SCF E3 complexes comprise at least four different subunits, including the F-box protein, SKP adaptor protein, Cullin scaffold protein, and Rbx RING-type E3 ligase [116, 117, 118, 119]. The F-box motif is a protein–protein interaction motif comprising approximately 50 amino acid residues. There is low sequence identity among F-box proteins, which recognize and bind substrate and bridge connections between adaptor proteins (including SKP1) and substrates. Phosphorylation of F-box proteins regulates their interactions with substrates. The SKP adaptor proteins, SKP2 (S-phase kinase-associated protein 2), β-TrCP (beta-transducin repeat-containing protein), FBW7, and FBXO4 are F-box proteins involved in cell-cycle regulation. Cullins are scaffold proteins for ubiquitin ligases; CUL1 is a subunit of the SCF complex, and the Cullin-homology domain at its C-terminus interacts with RING E3 ligases while the N-terminal region can interact with the adaptor protein, SKP2. Cullin family members function as adaptors for multisubunit RING-type E3 ligase complexes. The adaptor proteins SKP1 and CUL1 and the RING-type E3 ligase RBX1 form the CRL catalytic core complex.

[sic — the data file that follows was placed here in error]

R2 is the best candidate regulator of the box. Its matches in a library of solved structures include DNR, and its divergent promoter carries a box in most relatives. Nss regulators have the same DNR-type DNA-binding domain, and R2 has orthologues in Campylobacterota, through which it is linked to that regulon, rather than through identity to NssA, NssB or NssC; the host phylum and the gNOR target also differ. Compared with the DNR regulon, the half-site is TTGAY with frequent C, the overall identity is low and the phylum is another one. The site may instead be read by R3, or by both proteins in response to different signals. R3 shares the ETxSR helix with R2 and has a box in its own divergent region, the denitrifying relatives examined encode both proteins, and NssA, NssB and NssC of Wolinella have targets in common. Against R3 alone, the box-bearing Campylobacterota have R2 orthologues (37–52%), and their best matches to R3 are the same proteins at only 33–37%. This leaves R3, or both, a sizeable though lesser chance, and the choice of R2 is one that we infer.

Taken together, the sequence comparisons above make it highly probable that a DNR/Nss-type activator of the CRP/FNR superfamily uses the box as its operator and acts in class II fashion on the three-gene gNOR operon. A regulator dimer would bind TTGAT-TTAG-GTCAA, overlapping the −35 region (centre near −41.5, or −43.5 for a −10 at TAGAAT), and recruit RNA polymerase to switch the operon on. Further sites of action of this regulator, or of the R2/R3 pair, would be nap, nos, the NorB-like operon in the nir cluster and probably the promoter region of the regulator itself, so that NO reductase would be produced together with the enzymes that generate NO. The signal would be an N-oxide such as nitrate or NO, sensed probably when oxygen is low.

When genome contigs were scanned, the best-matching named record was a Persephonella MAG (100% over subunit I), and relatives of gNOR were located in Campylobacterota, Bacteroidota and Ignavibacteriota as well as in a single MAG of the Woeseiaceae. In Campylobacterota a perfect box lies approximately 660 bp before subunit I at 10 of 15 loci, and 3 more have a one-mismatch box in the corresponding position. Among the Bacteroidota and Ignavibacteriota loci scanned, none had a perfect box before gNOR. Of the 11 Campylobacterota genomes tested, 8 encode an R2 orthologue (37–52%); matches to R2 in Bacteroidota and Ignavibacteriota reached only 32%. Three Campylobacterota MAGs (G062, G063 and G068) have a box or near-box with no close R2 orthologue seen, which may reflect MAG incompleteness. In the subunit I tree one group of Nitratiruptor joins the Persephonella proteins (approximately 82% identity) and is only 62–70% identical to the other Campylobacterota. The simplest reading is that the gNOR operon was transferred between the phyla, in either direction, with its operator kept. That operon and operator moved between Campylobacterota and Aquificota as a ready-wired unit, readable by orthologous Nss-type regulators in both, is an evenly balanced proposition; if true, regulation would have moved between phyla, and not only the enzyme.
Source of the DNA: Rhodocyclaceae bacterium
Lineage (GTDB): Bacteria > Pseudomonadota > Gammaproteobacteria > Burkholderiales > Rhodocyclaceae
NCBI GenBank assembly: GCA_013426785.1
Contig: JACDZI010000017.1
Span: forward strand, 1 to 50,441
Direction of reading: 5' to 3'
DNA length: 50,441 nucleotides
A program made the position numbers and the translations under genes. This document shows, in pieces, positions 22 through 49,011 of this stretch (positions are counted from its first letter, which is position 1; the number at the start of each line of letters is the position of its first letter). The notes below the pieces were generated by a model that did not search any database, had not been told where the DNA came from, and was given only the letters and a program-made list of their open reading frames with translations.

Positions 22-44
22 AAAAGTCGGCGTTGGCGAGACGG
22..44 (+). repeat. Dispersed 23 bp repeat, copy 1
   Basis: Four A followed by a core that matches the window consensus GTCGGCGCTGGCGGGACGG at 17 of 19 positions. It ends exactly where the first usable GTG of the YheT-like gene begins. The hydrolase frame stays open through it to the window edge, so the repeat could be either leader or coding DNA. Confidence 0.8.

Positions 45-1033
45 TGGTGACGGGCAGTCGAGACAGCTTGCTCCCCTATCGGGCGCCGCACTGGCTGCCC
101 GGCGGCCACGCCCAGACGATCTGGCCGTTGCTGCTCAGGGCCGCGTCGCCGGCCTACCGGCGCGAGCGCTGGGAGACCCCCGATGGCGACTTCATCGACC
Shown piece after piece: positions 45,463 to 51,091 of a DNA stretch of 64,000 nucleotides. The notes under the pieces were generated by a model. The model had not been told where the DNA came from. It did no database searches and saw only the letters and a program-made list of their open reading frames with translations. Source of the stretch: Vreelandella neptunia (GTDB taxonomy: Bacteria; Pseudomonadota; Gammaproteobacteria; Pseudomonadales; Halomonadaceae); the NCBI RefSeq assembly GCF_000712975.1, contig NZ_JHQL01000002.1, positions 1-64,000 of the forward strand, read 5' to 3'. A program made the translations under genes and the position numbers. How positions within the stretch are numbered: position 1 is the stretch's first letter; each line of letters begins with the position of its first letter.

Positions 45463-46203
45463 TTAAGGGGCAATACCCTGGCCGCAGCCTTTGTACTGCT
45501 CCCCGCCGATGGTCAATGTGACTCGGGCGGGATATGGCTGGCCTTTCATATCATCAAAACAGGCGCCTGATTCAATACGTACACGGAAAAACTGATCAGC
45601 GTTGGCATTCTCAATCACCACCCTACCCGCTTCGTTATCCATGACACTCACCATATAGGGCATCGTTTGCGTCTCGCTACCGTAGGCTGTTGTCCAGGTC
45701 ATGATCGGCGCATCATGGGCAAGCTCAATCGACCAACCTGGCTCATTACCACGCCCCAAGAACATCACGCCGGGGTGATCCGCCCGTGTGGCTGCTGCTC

APC/C is a multisubunit RING-type E3 ligase containing approximately 13 subunits. The Cullin subunit protein, APC2, and the RING H2 type E3 ligase, APC11, form the catalytic core domain [120, 121, 122]. TPR (tetratricopeptide residue) motif-containing subunits, including CDC16, CDC27, CDC23, and APC5, are thought to function as scaffold assembling proteins. Two co-activators, CDC20 (cell division cycle homologue 20) and FZR/CDH1 (Fzy-related/cell division cycle 20 related 1), bind to the CDC27 subunit of APC/C through their WD40 repeat and determine APC/C substrate specificity dependent on cell cycle to stages [115, 118, 123, 124, 125, 126, 127, 128]. The APC10 subunit contributes to optimal co-activator-dependent substrate recognition and substrate affinity [129, 130, 131]. APC/C-mediated ubiquitination depends on destruction box, KEN box, and CRY box sequences in the substrate [132, 133, 134, 135, 136, 137, 138, 139, 140]. Assembly of these co-activators into the APC/C complex in G1 or M phase during cell cycle is regulated by phosphorylation [141, 142, 143, 144].